2020 is a lot. For over six months now, we’ve been changing and adapting to get through this pandemic. We’re wearing masks, keep distance to other people, and figure out the new normal as we go.
It’s not just our personal lives where we need to adapt, but also our business world. Suddenly, we can’t go to stores anymore, and in-person services become challenging or impossible. This situation forces many businesses to overthink their strategy.
Basically, from today on, they need to solicit or conduct business online and even reinvent themselves to stay relevant. We’re in the middle of Digital Transformation, and it just became non-optional. Either you accept and go with it or staying in the game will become more challenging than ever.
Because we can’t meet in person as we used to, much interaction happens online via websites, text, and video chat.
For companies, this means to step up their game in software development. There’s a lot of new tools and best practices to work through. How do you write clean code, integrate Code Reviews, Continuous Integration, and Continuous Delivery into your workflows?
But most importantly, do the internal processes support software development?
Let’s say a company’s strategy was to sell cars in their dealerships before and now wants to move the business online.
Building the software development competency in-house is one thing and a high priority. More importantly, however, it is to ensure that internal processes are set up to support a digital-first business model.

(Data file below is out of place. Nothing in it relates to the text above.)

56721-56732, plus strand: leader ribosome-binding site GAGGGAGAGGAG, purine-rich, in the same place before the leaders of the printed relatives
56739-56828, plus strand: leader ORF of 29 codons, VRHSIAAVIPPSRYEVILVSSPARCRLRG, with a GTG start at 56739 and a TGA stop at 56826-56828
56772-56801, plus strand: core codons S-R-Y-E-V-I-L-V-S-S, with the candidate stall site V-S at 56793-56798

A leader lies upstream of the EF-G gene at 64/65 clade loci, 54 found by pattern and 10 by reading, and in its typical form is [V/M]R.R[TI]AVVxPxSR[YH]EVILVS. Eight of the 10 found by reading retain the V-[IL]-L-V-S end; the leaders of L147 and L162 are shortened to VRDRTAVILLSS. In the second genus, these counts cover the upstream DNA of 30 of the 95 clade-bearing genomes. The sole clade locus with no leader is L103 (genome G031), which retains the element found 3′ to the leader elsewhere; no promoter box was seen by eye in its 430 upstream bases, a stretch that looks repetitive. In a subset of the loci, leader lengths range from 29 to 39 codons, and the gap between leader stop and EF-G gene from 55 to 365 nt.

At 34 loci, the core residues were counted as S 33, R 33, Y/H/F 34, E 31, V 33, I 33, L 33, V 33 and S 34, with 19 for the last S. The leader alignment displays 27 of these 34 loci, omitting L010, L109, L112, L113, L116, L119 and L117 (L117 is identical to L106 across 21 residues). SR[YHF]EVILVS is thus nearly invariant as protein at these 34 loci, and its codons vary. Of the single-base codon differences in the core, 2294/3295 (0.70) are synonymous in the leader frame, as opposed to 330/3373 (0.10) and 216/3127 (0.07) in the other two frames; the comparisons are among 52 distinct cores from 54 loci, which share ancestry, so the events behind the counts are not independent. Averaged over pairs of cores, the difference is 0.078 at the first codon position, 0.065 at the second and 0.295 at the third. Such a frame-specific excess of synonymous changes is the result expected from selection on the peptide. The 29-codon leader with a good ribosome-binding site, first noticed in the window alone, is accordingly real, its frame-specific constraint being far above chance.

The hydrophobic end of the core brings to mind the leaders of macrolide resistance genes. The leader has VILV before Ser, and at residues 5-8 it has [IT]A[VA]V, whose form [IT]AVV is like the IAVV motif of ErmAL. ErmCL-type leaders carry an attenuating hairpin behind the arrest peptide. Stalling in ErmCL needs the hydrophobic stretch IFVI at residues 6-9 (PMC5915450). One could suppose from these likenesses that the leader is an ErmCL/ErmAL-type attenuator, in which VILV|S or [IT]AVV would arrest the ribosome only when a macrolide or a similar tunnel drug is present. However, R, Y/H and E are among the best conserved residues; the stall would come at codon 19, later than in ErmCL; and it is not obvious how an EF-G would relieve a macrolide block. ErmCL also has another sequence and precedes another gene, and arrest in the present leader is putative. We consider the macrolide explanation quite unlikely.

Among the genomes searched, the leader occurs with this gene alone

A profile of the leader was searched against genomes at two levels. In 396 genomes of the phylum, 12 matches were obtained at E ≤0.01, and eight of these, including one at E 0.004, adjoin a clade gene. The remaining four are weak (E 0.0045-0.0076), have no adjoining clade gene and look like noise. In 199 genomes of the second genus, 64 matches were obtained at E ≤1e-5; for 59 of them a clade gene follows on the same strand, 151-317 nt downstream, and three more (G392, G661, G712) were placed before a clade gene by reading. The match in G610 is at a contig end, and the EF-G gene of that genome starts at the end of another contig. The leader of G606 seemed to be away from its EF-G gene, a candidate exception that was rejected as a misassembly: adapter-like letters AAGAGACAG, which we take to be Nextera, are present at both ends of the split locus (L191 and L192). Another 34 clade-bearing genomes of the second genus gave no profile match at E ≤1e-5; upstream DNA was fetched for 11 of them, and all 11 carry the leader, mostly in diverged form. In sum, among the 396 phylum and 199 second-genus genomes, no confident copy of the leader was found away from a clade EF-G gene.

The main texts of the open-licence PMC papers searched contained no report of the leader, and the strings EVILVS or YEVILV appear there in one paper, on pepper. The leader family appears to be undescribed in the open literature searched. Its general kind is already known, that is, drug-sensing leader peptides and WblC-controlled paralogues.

The process of how they sell a car now is changing completely. Before, there was a Salesperson that helped and walked you through everything. Now, there needs to be a configurator. You also need to keep track of how many cars you have in the lot and possibly deliver them to the customer’s home after the purchase.
How do you manage payments and signing paperwork? All of that needs to happen online and quickly.
To meet all these requirements, the software development team needs to focus on delivering software quickly and in high quality.
That includes Continuous Integration and Delivery, automated Testing, a well-defined deployment process, and short development cycles.
Since this will be a new system, not just from a technical standpoint but also from customer demand, it might not be easy to predict demand upfront.
This circumstance requires a dynamic hosting environment where you can quickly scale up and down as needed.
How quickly can you react to changing market conditions? How does your internal change process look?
If a customer requests a new feature or reports a bug, how long does it take you to react to it? Now, a bug fix is a different process than a feature request. Yet, both undergo some decision process beforehand before they get into software development.
If you look at your organization from a bird’s eye view, do you notice any bottlenecks? Ask yourself this: Where would your workflow break if you released unlimited work into the organization? Where’s the bottleneck? Is it software development? Is it QA? Ops? Product? This bottleneck will determine how much work you can get done in a unit of time.
So, it’s not just starting to hire software developers but also remodeling your entire organization to become digital.
What do you think? What are your experiences? Please share them with me in the comments section and follow me on LinkedIn.